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George Ticknor, Life, letters and journals of George Ticknor (ed. George Hillard) 20 0 Browse Search
George Bancroft, History of the United States from the Discovery of the American Continent, Vol. 10 12 0 Browse Search
Edward L. Pierce, Memoir and letters of Charles Sumner: volume 2 10 0 Browse Search
Baron de Jomini, Summary of the Art of War, or a New Analytical Compend of the Principle Combinations of Strategy, of Grand Tactics and of Military Policy. (ed. Major O. F. Winship , Assistant Adjutant General , U. S. A., Lieut. E. E. McLean , 1st Infantry, U. S. A.) 6 0 Browse Search
Thomas Wentworth Higginson, Henry Wadsworth Longfellow 4 0 Browse Search
Margaret Fuller, Memoirs of Margaret Fuller Ossoli (ed. W. H. Channing) 4 0 Browse Search
George Ticknor, Life, letters and journals of George Ticknor (ed. George Hillard) 4 0 Browse Search
Thomas Wentworth Higginson, Harvard Memorial Biographies 4 0 Browse Search
Knight's Mechanical Encyclopedia (ed. Knight) 4 0 Browse Search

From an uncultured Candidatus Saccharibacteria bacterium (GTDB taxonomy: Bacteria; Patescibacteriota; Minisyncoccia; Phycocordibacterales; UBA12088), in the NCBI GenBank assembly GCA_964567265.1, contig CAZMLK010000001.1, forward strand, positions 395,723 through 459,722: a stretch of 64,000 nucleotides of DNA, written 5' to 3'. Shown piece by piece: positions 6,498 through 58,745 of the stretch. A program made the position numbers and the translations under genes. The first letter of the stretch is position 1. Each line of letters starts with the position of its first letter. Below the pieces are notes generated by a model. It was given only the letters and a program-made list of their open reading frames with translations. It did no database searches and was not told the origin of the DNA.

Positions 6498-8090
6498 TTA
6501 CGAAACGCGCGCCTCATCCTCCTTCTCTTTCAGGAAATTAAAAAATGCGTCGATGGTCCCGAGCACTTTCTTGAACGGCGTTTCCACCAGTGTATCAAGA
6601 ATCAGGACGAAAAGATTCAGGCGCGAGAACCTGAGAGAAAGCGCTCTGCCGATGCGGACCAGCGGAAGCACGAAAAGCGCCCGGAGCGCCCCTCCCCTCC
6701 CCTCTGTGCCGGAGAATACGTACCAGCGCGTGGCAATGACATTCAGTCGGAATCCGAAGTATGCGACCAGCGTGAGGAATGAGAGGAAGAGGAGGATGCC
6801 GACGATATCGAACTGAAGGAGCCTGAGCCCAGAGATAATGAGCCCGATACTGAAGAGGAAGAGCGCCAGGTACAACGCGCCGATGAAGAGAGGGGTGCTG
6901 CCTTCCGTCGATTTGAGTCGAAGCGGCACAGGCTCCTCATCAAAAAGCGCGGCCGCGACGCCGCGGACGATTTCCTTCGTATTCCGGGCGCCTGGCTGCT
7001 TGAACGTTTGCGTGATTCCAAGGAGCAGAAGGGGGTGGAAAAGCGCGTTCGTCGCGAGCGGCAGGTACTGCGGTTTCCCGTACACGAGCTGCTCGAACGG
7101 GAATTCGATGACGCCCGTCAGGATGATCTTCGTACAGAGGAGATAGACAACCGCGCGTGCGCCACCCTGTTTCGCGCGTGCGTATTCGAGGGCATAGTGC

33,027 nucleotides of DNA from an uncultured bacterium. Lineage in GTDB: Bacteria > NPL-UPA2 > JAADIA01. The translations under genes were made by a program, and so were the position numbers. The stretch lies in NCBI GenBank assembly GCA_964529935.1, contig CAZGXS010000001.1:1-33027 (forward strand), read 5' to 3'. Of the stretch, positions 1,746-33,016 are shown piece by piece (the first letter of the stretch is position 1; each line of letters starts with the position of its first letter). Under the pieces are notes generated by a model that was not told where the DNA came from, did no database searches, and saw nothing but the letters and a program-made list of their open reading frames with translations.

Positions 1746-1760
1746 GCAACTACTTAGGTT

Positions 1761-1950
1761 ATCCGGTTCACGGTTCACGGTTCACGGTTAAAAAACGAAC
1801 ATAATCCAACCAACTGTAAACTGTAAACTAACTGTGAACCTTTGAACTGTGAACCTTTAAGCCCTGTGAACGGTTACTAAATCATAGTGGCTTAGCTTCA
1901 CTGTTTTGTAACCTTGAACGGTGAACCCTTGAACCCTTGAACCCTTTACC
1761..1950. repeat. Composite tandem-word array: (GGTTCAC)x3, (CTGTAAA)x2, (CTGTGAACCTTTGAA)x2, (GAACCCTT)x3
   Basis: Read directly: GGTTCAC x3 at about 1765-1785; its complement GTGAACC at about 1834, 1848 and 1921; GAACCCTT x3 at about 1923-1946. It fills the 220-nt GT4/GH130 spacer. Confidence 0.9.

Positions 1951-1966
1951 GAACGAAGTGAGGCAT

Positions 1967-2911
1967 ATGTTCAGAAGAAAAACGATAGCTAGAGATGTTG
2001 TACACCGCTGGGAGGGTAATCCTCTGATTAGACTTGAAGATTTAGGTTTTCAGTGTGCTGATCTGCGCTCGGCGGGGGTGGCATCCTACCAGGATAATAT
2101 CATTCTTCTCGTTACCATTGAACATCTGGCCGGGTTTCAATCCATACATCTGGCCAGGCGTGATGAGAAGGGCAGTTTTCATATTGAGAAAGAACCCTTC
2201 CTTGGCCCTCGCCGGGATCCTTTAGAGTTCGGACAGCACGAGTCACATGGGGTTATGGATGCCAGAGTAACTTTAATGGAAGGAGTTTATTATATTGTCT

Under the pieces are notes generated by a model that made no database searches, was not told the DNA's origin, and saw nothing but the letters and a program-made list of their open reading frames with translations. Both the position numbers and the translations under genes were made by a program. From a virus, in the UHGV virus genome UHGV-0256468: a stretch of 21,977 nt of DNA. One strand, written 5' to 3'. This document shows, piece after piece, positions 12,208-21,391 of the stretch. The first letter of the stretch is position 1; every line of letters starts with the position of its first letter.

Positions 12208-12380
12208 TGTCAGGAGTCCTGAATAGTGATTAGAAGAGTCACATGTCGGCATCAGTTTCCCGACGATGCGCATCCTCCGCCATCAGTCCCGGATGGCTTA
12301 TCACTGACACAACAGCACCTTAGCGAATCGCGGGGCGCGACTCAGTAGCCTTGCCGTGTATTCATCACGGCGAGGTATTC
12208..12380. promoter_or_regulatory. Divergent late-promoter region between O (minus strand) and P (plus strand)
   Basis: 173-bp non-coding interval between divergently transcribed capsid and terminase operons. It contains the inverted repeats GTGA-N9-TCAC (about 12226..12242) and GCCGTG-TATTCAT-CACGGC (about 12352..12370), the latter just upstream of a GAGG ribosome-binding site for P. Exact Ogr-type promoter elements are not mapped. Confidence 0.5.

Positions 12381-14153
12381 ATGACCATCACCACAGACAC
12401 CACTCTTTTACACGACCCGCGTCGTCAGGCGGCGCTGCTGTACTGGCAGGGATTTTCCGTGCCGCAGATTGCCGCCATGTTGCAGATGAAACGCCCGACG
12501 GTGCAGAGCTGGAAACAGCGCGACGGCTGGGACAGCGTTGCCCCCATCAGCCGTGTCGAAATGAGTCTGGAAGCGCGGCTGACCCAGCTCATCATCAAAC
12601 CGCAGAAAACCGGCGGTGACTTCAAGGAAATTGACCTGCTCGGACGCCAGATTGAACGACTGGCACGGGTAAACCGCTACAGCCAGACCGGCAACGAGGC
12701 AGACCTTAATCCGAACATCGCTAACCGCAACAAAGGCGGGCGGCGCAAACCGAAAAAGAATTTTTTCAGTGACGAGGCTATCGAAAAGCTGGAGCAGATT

Thomas Wentworth Higginson, Carlyle's laugh and other surprises 2 0 Browse Search
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Browsing named entities in The writings of John Greenleaf Whittier, Volume 4. (ed. John Greenleaf Whittier). You can also browse the collection for Weimar (Thuringia, Germany) or search for Weimar (Thuringia, Germany) in all documents.

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The writings of John Greenleaf Whittier, Volume 4. (ed. John Greenleaf Whittier), Personal Poems (search)
rn and blinded slave? The heart has needs beyond the head, And, starving in the plenitude Of strange gifts, craves its common food,— Our human nature's daily bread. We are but men: no gods are we, To sit in mid-heaven, cold and bleak, Each separate, on his painful peak, Thin-cloaked in self-complacency! Better his lot whose axe is swung In Wartburg woods, or that poor girl's Who by the Ilm her spindle whirls And sings the songs that Luther sung, Than his who, old, and cold, and vain, At Weimar sat, a demigod, And bowed with Jove's imperial nod His votaries in and out again! Ply, Vanity, thy winged feet! Ambition, hew thy rocky stair! Who envies him who feeds on air The icy splendor of his seat? I see your Alps, above me, cut The dark, cold sky; and dim and lone I see ye sitting,—stone on stone,— With human senses dulled and shut. I could not reach you, if I would, Nor sit among your cloudy shapes; And (spare the fable of the grapes And fox) I would not if I could. Keep to your<